In addition, it is interesting to remark that cellular pathways are regulated in a similar manner among tumor cells and stromal cells from the surrounding TME, so one could suggest using a single drug to treat both tumor mass and the TME simultaneously. Indeed, this idea has already been reflected in a recent study in which targeting the IL1/NFKB pathway might disrupt both pancreatic ductal adenocarcinoma development and associated CAFs [103]. In agreement, it is important to remark that the majority of pancreatic ductal adenocarcinomas exhibit an overexpression of NFKB pathway [104], extensive fibrosis and up-expression of IL1, which promotes the generation of inflammatory CAFs by pancreatic tumor cells.


In conclusion,TME and metastasis can seem like independent and chaotic processes but they have an intrinsic order, which can be used to improve our clinical management of cancer. Furthermore, the prediction of the risk of a metastatic growth and the pre-metastatic niche location has relevant clinical implications and may be achieved by an accurate characterization of adjacent to tumor mass TME biopsies and primary tumor-derived exosomes, respectively.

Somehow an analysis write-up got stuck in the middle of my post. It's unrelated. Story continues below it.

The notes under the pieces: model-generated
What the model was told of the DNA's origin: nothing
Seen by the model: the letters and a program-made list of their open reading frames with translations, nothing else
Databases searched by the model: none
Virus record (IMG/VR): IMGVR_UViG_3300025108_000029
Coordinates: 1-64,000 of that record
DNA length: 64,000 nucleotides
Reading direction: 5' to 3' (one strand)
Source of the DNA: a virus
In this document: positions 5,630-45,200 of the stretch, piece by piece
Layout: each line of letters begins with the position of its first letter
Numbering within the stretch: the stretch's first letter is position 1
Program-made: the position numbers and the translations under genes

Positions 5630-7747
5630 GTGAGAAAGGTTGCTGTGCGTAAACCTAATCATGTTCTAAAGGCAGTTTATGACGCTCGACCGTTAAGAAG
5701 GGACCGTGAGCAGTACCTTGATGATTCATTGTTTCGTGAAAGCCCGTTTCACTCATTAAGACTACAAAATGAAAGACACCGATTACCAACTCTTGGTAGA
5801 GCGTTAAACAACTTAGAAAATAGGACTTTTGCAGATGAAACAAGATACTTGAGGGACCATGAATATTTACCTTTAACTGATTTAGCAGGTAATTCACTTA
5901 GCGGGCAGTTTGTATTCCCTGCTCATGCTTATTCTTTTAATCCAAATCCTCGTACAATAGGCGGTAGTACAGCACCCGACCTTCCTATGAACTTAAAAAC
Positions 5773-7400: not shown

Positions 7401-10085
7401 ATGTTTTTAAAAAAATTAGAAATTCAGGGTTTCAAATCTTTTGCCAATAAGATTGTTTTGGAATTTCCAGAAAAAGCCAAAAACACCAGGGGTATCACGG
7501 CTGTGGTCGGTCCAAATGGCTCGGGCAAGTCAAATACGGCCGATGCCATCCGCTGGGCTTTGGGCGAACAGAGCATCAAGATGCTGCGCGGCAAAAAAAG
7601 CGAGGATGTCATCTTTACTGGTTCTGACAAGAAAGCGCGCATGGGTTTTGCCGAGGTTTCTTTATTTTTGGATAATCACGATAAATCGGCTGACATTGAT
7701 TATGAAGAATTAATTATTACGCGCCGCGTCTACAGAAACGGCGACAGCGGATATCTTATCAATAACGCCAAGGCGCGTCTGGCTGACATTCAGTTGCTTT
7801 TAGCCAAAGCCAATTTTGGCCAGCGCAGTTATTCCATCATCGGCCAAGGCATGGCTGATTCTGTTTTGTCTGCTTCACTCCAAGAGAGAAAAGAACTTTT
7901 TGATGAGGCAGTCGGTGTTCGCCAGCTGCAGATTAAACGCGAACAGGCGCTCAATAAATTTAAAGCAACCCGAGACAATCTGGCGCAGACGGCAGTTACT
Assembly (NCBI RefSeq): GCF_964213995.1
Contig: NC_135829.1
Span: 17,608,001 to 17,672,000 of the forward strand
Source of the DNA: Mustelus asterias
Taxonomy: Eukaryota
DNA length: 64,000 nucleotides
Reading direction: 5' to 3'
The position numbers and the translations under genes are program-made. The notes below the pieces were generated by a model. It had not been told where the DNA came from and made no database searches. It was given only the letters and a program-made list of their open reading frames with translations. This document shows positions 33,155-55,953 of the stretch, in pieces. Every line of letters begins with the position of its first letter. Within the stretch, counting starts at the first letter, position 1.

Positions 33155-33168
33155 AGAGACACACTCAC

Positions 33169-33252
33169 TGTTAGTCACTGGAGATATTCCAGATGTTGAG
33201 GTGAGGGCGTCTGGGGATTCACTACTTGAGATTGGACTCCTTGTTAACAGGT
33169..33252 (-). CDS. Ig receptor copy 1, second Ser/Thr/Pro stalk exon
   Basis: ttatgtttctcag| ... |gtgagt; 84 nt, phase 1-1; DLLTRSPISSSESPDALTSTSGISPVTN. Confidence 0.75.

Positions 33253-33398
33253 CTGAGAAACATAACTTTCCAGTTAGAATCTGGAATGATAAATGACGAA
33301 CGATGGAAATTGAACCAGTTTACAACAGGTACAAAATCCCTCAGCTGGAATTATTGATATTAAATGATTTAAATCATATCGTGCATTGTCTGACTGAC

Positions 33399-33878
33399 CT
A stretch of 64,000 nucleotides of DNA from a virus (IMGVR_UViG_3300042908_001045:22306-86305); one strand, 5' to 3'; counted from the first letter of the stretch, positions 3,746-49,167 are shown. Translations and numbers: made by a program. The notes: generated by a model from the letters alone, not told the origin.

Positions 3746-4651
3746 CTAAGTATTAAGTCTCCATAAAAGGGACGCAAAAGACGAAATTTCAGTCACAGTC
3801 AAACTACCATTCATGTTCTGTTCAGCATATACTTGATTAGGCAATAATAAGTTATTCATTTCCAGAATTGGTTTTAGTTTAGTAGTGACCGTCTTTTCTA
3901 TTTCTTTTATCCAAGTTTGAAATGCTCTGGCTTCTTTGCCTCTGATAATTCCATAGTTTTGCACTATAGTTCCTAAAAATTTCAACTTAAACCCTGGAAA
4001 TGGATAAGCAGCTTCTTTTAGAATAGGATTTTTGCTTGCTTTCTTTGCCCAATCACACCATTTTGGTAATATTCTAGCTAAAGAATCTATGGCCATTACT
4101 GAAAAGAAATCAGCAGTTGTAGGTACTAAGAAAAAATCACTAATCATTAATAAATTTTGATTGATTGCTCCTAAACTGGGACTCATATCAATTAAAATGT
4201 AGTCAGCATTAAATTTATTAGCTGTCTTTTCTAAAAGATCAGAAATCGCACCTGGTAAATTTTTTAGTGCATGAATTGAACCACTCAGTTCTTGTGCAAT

Availability of data and materials

Not applicable.



Tumor microenvironment


Cancer stem-like cells


Cancer-associated fibroblasts


Tumor-associated macrophages


Mesenchymal stem cells


Macrophage receptor with collagenous structure


Pancreatic ductal adenocarcinoma


Circulating tumor cells


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Pablo Hernández-Camarero is supported by a FPU grant from the Ministry of Education, Culture and Sport. This work has been partially funded by the University of Jaen, Acción I apoyo a la investigación (BIO-349); Consejería de Economía, Conocimiento, Empresas y Universidad de la Junta de Andalucía and European Regional Development Fund (ERDF), ref. SOMM17/6109/UGR, and with grants from the Ministry of Economy and Competitiveness (FEDER funds, projects no. PIE16/00045), from the Ministry of Science, Innovation and Universities (ref. RTI2018-101309-B-C22), and from the Chair “Doctors Galera-Requena in cancer stem cell research” (CMC-CTS963).

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Hernández-Camarero, P., López-Ruiz, E., Marchal, J.A. et al. Cancer: a mirrored room between tumor bulk and tumor microenvironment. J Exp Clin Cancer Res 40, 217 (2021).